sedition

noun
se·​di·​tion | \ si-ˈdi-shən How to pronounce sedition (audio) \

Definition of sedition

: incitement of resistance to or insurrection against lawful authority

Examples of sedition in a Sentence

The leaders of the group have been arrested and charged with sedition.
Recent Examples on the Web The law bans any activity Beijing deems to constitute sedition, secession and subversion, and allows Chinese state security to operate in the territory. Michelle Toh, Sasha Chua And Chandler Thornton, CNN, 6 Sep. 2021 In 2019, Spain's Supreme Court found the 12 guilty of a varying mix of crimes, including sedition, misuse of public funds and disobedience. Joseph Wilson, Star Tribune, 22 June 2021 The raid on Apple Daily’s headquarters was the second time in less than a year since Beijing imposed legislation on the city that outlaws sedition, secession, subversion and collusion with foreign forces. Zinnia Lee, Forbes, 21 June 2021 But then the charges came: sedition, one of the highest crimes in Spain. New York Times, 4 May 2021 Others are skeptical that the prosecutors would be able to make charges of plotting sedition, which hasn’t been alleged by the federal government since 2010, stick. W.j. Hennigan, Time, 9 Apr. 2021 No one arrested in the Jan. 6 riot has been charged with sedition, even though then-District of Columbia U.S. Attorney Michael Sherwin floated it as a possibility in the weeks after the attack. orlandosentinel.com, 16 Sep. 2021 No one arrested in the Jan. 6 riot has been charged with sedition, even though then-District of Columbia U.S. Attorney Michael Sherwin floated it as a possibility in the weeks after the attack. Alanna Durkin Richer, sun-sentinel.com, 16 Sep. 2021 The Justice Department so far has shied away from charging Capitol riot defendants with sedition. Katelyn Polantz, CNN, 9 Sep. 2021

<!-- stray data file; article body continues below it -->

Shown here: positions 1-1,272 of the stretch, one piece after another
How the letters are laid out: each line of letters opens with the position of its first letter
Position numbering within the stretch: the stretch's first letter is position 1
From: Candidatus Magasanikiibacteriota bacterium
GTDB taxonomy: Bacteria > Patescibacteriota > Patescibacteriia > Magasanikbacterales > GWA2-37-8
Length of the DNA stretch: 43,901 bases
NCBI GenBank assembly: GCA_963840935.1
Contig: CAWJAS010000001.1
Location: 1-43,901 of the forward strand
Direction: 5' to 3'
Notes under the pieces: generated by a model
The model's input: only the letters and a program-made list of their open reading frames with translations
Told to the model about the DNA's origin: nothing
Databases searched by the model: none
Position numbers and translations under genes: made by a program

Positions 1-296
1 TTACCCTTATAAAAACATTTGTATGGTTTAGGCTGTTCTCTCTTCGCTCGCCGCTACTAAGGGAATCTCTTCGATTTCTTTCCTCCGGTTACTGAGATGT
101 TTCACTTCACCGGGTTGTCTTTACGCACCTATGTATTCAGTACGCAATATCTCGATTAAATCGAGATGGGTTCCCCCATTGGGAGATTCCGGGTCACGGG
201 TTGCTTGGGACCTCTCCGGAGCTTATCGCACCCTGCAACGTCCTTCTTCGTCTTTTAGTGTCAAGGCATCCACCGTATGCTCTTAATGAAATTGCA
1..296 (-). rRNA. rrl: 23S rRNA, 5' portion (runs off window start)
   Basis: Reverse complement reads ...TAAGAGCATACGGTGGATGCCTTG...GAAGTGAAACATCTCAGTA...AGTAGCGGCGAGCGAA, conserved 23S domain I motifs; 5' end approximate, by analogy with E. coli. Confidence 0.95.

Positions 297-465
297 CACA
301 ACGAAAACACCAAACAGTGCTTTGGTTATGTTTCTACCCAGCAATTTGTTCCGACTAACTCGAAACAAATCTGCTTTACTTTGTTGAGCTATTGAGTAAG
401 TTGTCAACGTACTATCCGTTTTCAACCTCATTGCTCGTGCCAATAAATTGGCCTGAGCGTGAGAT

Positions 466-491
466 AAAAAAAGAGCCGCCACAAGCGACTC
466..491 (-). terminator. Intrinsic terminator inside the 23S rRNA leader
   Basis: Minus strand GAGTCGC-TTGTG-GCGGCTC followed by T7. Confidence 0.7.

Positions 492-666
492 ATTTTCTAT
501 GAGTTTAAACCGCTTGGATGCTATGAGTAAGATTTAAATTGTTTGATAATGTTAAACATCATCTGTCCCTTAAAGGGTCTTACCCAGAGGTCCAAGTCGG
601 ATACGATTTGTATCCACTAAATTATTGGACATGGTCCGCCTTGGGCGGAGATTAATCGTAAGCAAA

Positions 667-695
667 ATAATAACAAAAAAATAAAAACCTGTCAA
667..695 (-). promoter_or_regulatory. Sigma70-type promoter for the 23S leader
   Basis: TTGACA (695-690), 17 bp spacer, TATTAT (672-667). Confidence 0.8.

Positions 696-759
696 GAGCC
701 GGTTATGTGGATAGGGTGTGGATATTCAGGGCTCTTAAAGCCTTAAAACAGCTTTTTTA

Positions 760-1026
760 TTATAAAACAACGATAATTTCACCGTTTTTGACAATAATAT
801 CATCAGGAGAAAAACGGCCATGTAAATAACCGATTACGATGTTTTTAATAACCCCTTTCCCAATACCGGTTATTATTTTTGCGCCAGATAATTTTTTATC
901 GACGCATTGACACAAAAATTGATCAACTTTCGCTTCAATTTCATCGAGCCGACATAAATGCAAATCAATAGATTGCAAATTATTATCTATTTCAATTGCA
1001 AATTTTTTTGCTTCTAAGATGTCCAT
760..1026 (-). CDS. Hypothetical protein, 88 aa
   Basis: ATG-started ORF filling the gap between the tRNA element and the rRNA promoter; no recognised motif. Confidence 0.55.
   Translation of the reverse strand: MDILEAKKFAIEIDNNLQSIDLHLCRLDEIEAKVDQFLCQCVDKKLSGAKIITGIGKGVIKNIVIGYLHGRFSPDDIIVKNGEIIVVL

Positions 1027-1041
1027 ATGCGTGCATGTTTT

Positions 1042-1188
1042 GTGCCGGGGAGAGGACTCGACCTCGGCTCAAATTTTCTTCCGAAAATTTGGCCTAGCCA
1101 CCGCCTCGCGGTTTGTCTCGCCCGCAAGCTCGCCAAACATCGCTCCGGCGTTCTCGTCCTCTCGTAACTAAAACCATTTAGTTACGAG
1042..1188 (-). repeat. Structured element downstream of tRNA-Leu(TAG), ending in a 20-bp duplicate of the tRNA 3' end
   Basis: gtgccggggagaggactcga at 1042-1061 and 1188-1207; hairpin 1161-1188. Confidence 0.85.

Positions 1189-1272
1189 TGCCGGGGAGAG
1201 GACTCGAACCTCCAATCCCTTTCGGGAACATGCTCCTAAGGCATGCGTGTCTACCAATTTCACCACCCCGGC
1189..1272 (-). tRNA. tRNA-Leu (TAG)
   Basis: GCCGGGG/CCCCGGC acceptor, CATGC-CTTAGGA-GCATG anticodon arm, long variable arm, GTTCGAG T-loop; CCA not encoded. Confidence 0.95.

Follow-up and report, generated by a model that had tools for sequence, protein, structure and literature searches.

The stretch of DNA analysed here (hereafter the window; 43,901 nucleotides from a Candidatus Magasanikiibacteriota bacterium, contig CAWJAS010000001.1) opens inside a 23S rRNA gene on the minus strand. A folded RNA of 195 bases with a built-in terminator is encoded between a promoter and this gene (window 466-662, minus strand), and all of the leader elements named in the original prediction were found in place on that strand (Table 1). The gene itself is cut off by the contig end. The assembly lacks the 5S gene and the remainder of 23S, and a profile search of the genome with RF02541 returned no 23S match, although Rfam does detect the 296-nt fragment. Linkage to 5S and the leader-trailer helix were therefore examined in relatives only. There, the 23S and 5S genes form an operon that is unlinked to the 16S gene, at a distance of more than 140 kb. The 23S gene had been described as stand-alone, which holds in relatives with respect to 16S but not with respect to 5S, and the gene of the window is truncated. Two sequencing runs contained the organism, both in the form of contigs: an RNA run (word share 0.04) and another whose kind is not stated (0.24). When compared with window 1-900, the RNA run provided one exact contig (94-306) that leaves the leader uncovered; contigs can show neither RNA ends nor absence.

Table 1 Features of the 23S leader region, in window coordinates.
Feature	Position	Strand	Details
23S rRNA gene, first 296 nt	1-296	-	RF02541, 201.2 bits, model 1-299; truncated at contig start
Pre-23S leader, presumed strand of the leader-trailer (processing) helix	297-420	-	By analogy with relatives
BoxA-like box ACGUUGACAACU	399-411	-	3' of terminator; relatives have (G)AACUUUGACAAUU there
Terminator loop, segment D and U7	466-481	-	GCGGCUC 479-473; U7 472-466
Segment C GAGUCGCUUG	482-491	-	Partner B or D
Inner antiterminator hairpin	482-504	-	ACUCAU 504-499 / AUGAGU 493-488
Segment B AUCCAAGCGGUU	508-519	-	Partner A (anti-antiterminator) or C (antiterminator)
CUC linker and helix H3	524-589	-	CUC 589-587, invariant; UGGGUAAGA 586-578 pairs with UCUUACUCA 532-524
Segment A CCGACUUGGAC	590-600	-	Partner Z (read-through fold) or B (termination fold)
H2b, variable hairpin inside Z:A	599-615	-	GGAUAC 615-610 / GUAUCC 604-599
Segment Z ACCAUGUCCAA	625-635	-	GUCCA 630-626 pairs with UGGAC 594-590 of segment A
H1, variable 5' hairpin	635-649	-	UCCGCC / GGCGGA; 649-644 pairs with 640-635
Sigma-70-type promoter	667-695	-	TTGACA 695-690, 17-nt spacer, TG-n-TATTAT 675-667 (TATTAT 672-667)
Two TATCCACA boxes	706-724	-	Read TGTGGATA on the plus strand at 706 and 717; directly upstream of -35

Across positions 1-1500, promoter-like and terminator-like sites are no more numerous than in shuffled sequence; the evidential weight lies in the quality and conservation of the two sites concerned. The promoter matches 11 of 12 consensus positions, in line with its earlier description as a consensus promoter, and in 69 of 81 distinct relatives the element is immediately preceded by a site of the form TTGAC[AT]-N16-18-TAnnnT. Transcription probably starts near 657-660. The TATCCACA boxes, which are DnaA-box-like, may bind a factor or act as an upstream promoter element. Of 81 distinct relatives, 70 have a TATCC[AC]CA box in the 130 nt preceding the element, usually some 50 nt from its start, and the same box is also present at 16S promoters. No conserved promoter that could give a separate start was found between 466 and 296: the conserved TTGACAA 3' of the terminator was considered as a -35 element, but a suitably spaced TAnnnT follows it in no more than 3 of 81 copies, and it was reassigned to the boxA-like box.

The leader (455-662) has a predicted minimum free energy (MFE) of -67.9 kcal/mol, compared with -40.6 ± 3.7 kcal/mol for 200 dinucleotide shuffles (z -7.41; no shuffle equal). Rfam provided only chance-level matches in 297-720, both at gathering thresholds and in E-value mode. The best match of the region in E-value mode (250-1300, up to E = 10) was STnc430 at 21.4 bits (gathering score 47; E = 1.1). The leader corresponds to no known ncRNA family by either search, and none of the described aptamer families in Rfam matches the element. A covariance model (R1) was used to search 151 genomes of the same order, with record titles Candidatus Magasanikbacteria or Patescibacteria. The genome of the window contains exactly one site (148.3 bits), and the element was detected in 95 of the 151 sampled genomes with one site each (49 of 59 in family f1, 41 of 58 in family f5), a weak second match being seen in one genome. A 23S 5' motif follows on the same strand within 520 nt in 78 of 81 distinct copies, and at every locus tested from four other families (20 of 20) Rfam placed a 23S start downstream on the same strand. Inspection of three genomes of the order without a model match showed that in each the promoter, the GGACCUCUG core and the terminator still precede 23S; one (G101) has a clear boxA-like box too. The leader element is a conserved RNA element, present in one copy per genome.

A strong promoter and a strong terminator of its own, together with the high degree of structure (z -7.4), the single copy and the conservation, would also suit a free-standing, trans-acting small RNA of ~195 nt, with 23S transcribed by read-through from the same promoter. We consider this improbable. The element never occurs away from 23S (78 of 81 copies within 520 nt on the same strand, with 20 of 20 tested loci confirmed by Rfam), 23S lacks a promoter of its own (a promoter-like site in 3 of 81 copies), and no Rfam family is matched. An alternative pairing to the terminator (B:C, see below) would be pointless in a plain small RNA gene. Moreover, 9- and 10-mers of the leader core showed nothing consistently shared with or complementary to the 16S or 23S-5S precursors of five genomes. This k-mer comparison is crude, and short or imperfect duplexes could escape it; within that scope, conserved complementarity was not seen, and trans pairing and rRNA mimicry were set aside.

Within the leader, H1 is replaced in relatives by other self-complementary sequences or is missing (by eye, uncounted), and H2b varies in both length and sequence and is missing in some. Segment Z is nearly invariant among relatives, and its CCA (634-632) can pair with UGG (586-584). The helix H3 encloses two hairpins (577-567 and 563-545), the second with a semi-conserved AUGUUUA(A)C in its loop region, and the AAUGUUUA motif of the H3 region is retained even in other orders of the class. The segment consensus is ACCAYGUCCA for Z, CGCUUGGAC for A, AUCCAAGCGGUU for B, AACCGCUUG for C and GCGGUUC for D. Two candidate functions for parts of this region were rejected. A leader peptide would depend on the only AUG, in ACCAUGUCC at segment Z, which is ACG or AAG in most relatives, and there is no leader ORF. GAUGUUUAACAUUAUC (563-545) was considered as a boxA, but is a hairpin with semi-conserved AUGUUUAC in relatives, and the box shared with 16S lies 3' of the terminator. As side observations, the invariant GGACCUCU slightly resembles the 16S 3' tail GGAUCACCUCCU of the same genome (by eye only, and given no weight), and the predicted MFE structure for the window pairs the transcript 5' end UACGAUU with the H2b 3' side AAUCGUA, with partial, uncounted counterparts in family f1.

These example sentences are selected automatically from various online news sources to reflect current usage of the word 'sedition.' Views expressed in the examples do not represent the opinion of Merriam-Webster or its editors. Send us feedback.

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First Known Use of sedition

14th century, in the meaning defined above

History and Etymology for sedition

Middle English sedicioun, from Anglo-French sediciun, from Latin sedition-, seditio, literally, separation, from sed-, se- apart + ition-, itio act of going, from ire to go — more at secede, issue entry 1

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The first known use of sedition was in the 14th century

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Dictionary Entries Near sedition

sedimentology

sedition

seditionary

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Last Updated

25 Oct 2021

Cite this Entry

“Sedition.” Merriam-Webster.com Dictionary, Merriam-Webster, https://www.merriam-webster.com/dictionary/sedition. Accessed 27 Oct. 2021.

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More Definitions for sedition

sedition

noun

English Language Learners Definition of sedition

: the crime of saying, writing, or doing something that encourages people to disobey their government

sedition

noun
se·​di·​tion | \ si-ˈdi-shən How to pronounce sedition (audio) \

Legal Definition of sedition

: the crime of creating a revolt, disturbance, or violence against lawful civil authority with the intent to cause its overthrow or destruction — compare criminal syndicalism, sabotage

Other Words from sedition

seditious \ -​shəs How to pronounce sedition (audio) \ adjective
seditiously adverb

History and Etymology for sedition

Latin seditio, literally, separation, from sed apart + itio act of going, from ire to go

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